As many know, shortly after the revolution in February 1979, freedom to leave the country was severely curtailed. Touted by the then fledgling government as a necessary measure to protect the immense flight of critical capital, it soon became clear that the motives were not always absent of petty political vendettas.
People, usually of some prominence and notoriety and with known ties to the previous regime of the Shah were added to a growing Mamnou-ol-Khorouj (Exit Restricted) list.
One man whose name appeared on the list was Mokhtar Khan.
Having been educated in Germany in the fifties, he had returned in the late sixties to claim his inherited position as leader of his tribal clan of famous horsemen in the southwestern region of Iran.
Nestled in the hidden alpine valleys of the Zagros mountains, he began to implement some of the agricultural, animal breeding, and urban planning techniques he had studied in college on the rangelands and remote peasant villages which had belonged to his family for a hundred years.
Soon his stables, herds, and farms were flourishing and his villages were models of development having luxuries such as schools, self sufficient generators and pumps producing electricity and piped water to every house in the village.
He became known and eventually, and unfortunately, gained the notice of the ruling class, and ultimately came the dreaded doom of a royal visit. The Shah was to come to see the man who had molded a bit of perfection.
On the fateful day of the visit, the Shah himself landed a Bell 214 Huey on the simple but expansive gardens of the main house in which Mokhtar Khan lived. Mokhtar Khan greeted him with reserved, but not the typically patronizing, respect, which was all too more often.
The two men stood silently across from each other, the Shah removed the Ray-Ban aviators from his eyes and looked into the face of Mokhtar Khan. The Shah's policy had been one of zero tolerance for the many tribes which inhabited Iran, and he and his secret police had always been cautiously concerned with the ready looks of defiance with which the tribes had given his rule. He looked for it now as he looked into Mokhtar Khan's eyes. It was there all right.
Mokhtar Khan broke the silence by curtly welcoming his majesty to his unworthy home and offered to begin the tour, as had been strongly encouraged by the advance cadre of royal protocol secretaries the day before. The Shah thanked him for his hospitality and ever the avid horseman, requested he be shown the stables first.
Mokhtar Khan easily agreed and began his tour of his cherished steeds. It was an impressive sight to behold. Fifty of the most beautiful animals ever assembeled were paraded one-by-one, by trembling peasant handlers, in front of the Shah. The usually reserved Shah was visibly beaming as each horse, one more beautiful than the next was brought before him. When the last horse named Eqbal (Good Luck) was brought in, a noticable hush fell over the congregation.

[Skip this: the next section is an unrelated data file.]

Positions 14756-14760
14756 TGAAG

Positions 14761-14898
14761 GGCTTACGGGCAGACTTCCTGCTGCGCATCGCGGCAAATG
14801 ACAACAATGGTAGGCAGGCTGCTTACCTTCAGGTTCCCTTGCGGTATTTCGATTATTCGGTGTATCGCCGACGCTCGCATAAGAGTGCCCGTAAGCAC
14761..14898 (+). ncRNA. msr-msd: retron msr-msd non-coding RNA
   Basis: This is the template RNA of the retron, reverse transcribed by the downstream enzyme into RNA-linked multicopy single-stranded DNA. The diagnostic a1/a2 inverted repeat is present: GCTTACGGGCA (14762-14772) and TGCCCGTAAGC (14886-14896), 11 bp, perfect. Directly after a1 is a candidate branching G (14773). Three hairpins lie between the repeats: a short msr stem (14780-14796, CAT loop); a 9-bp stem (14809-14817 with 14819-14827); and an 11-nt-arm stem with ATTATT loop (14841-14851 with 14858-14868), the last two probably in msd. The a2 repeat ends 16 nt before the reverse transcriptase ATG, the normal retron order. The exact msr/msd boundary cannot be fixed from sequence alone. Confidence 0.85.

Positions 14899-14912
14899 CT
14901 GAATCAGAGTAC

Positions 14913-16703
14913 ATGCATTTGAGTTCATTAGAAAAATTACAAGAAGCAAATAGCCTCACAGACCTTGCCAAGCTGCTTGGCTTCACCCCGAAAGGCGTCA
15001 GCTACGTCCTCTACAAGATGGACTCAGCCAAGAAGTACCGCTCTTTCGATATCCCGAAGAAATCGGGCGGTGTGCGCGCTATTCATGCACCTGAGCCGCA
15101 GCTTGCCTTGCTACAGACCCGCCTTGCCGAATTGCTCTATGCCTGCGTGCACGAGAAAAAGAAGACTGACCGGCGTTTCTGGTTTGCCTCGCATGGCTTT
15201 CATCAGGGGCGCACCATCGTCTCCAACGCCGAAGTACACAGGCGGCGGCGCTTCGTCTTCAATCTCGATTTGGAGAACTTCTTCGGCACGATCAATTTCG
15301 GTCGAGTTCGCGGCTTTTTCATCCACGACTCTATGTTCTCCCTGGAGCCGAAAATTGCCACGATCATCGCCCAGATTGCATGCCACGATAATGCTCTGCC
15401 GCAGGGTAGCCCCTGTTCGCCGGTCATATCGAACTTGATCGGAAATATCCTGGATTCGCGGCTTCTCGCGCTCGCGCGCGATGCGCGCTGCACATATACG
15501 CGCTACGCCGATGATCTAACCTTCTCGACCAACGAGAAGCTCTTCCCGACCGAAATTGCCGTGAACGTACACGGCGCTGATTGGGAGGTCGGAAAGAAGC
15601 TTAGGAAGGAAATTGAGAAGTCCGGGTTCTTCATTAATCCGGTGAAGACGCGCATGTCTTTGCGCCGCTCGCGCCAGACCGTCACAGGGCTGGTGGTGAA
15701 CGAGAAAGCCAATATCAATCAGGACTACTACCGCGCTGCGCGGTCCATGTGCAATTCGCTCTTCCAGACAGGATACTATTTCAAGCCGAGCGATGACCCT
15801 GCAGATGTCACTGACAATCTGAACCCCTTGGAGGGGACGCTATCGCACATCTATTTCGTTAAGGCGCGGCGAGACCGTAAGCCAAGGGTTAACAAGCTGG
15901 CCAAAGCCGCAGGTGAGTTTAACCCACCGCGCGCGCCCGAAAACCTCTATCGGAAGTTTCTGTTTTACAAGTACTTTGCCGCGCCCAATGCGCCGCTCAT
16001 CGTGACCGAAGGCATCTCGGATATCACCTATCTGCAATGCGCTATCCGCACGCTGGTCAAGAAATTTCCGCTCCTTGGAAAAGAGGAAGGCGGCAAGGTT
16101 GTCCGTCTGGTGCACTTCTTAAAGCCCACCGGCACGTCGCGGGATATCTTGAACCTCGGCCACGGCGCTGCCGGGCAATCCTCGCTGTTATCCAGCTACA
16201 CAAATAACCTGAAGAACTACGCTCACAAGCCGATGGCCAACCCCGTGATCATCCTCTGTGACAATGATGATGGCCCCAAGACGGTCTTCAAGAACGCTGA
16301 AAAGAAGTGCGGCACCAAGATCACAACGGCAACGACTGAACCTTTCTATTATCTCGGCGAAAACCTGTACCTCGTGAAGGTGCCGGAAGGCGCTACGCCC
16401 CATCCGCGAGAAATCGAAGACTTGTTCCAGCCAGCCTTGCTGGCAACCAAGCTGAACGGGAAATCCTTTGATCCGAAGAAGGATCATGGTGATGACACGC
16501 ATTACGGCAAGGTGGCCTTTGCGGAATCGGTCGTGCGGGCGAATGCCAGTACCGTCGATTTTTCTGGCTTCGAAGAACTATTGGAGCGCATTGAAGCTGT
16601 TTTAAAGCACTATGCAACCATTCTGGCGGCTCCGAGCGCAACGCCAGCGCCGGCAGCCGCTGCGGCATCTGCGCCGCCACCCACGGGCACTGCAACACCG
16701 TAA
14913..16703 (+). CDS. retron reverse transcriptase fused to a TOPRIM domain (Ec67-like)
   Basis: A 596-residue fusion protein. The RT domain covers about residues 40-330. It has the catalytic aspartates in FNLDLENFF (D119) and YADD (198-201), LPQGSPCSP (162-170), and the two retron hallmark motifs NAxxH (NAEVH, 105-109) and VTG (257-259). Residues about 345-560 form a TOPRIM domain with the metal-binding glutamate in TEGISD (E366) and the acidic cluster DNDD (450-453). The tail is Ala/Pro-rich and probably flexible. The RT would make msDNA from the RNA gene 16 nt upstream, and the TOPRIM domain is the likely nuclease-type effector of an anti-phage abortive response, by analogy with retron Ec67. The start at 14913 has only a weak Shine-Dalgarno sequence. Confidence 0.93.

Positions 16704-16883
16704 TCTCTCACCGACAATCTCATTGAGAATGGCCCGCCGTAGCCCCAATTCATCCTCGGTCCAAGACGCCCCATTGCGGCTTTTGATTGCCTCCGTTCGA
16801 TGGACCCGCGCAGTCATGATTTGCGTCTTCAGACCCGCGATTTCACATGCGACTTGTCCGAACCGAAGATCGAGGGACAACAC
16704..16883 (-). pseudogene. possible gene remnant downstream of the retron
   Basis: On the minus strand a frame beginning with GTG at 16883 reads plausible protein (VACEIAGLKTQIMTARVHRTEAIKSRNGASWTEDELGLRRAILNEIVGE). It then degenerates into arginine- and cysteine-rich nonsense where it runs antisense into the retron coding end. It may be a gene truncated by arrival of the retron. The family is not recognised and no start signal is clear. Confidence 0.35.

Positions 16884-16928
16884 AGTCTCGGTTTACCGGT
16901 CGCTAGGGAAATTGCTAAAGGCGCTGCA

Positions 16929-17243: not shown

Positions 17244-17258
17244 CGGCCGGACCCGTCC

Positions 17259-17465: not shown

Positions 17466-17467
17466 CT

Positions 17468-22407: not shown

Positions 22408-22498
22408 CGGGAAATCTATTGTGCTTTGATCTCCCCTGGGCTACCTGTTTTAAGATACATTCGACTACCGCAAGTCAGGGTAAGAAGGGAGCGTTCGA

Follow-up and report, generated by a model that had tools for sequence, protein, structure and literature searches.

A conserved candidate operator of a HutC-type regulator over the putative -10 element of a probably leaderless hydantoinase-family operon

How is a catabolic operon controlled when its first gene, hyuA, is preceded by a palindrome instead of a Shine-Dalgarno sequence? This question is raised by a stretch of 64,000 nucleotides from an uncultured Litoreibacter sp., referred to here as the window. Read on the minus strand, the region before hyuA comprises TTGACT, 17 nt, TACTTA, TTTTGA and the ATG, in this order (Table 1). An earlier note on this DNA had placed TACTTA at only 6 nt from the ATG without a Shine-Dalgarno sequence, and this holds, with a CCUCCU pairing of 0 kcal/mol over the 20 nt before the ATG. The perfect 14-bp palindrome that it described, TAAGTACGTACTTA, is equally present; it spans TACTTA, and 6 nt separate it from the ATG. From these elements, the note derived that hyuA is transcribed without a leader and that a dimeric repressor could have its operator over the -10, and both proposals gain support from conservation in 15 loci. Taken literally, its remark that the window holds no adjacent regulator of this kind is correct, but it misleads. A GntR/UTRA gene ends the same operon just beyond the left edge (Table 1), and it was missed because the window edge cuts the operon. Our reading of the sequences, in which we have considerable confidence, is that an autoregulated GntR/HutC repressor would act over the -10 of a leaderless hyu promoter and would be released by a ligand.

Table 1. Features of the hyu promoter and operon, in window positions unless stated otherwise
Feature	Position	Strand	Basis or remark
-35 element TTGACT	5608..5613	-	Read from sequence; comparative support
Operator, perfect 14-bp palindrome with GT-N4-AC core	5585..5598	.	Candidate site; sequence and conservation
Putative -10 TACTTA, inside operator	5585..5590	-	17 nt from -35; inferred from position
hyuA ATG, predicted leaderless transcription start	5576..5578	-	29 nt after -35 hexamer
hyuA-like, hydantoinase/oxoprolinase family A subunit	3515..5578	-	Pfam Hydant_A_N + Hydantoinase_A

Eqbal was a shiny red-chestnut stallion with long black hair. He had shiny black eyes which flashed brightly in the smallest light. He was unusually tall and had been the result of a successful cross between an Arabian and one of the more hardy and surefooted Iranian horses.
The Shah was clearly smitten. He summoned one of the secretaries and whispered something in his ear. The Shah looked up, complimented the stable and horses and asked Mokhtar Khan to continue with the tour.
The rest of the tour went qickly as the Shah was clearly bored with the intricate drip-irrigation systems, hybrid seedling projects, and the steps taken to provide the villagers with modern urban facilities and schools. And soon, in the same dusty cloud, and as quickly as he had arrived, he was gone.
Within a few days, one of the secretaries returned to the house and requested a meeting with Mokhtar Khan. “His Royal Majesty was extremely pleased with the work you have done here and in gratitude has graciously agreed to accept the horse, Eqbal to the royal stables in Tehran.”
Mokhtar Khans face went white, then red, then returned to its tanned color. He knew this game. “Please accept and relay my sincerest apologies to His Majesty, however, Eqbal has been sent to the summer pastures to stud and will not be returning until the fall. I would consider it a great honor if His Royal Majesty would accept any one of my other horses until Eqbal has returned.”
The Secretary visibly angered, made the polite acceptance and with the proper goodbyes, left.
That night Mokhtar Khan went out to the stables and stopped at the stall where Eqbal was busy making short order of the sweet alfalfa in his feedbag. He snorted and stomped as his master approached. His eyes flashed. Mokhtar Khan gently stroked Eqbals face and looked into the animals eyes. “Never!”